Kiddie Tax: How Best to Report Your Child’s Unearned Taxable Income

By Brandi Fruik, CPA MST | Clark Nuber PS

Our high net worth clients often want to get their children interested in finance and investing at a young age. Along with this desire comes setting up brokerage accounts, which may produce taxable income to the child. There are two different ways to report your child’s unearned taxable income: the parents can report it on their tax return by attaching Form 8814 to their Form 1040, or the child can report in on their tax return by attaching Form 8615 to their Form 1040.

There are certain requirements that need to be met for the parents to report their child’s unearned income on Form 8814 on their personal Form 1040, rather than having the child file a separate 1040:

  • The child must qualify as a dependent;
  • The child must only have income from interest, dividends, or capital gain distributions in the total amount of less than $10,500;
  • The child must not otherwise be required to file a separate tax return; and
  • The child must not have made any estimated tax payments, had a prior year overpayment applied to estimated taxes or had any backup withholding on the income.

If you choose to report the income on Form 8814, this form will calculate the tax due on the first $2,100 of the child’s unearned income. Any amounts over $2,100 will be added to the income reported on the parents’ Form 1040 and taxed there accordingly.

Reporting a child’s income on the parent’s personal Form 1040 has both advantages and disadvantages. One advantage is a decreased  number of family tax filings. Some of the disadvantages include losing the child’s deductions, which may offset this income, or having to pay tax on this income at a higher rate.

Another option is for the child to file their own Form 1040 to report the unearned income. In this scenario, Form 8615 needs to be included in the following situations:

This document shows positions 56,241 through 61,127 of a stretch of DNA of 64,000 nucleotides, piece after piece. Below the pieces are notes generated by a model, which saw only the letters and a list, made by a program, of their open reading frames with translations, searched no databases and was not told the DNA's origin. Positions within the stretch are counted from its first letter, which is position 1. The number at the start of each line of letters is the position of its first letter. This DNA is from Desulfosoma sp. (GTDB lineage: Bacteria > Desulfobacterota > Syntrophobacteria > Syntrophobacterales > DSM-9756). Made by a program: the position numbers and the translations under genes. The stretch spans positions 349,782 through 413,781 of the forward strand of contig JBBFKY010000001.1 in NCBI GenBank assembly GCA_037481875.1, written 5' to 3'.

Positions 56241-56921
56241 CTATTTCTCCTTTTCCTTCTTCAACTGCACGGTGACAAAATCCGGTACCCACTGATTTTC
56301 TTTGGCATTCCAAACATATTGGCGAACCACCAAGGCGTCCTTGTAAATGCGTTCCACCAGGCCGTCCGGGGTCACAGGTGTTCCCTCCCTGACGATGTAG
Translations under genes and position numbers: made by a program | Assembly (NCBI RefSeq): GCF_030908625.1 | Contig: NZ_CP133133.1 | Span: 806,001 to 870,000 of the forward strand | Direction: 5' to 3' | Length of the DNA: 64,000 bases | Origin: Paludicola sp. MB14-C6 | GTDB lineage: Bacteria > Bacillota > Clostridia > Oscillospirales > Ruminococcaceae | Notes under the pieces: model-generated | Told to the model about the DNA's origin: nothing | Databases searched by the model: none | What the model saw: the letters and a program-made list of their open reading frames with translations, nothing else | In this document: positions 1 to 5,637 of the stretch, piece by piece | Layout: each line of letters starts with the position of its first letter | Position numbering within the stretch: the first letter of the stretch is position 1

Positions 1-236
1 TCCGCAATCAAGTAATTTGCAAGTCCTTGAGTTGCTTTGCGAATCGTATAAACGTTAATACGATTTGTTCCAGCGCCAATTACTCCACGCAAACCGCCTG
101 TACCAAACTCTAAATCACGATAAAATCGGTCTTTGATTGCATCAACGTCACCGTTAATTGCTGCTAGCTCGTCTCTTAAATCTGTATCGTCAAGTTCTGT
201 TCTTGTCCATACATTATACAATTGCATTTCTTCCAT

• The child’s unearned income is more than $2,100,
  • The child is required to file a tax return,
  • The child is in the age-range to be classified as a dependent,
  • The child’s unearned income is more than half of what they paid to support themselves,
  • The child has at least one parent who is alive, and
  • The child is not filing a joint tax return.

In this situation, unearned income includes interest, dividends, capital gains, taxable social security and pension payments, certain distributions from trusts and unemployment compensation.

Once the amount of unearned income is determined, the amount is taxed at the parents’ tax rate. An advantage of having the child file their own tax return is the ability to use deductions to offset unearned income or potential lower tax rates. A disadvantage is having to perform additional tax filings. Please contact us if you would like to discuss methods of reporting your child’s unearned income.

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Brandi Fruik is a manager in Clark Nuber’s tax practice. She serves closely held entities and high net worth individuals.

© Clark Nuber PS and Developing News, 2017. Unauthorized use and/or duplication of this material without express and written permission from this blog’s author and/or owner is strictly prohibited. Excerpts and links may be used, provided that full and clear credit is given to Clark Nuber PS and Developing News with appropriate and specific direction to the original content.

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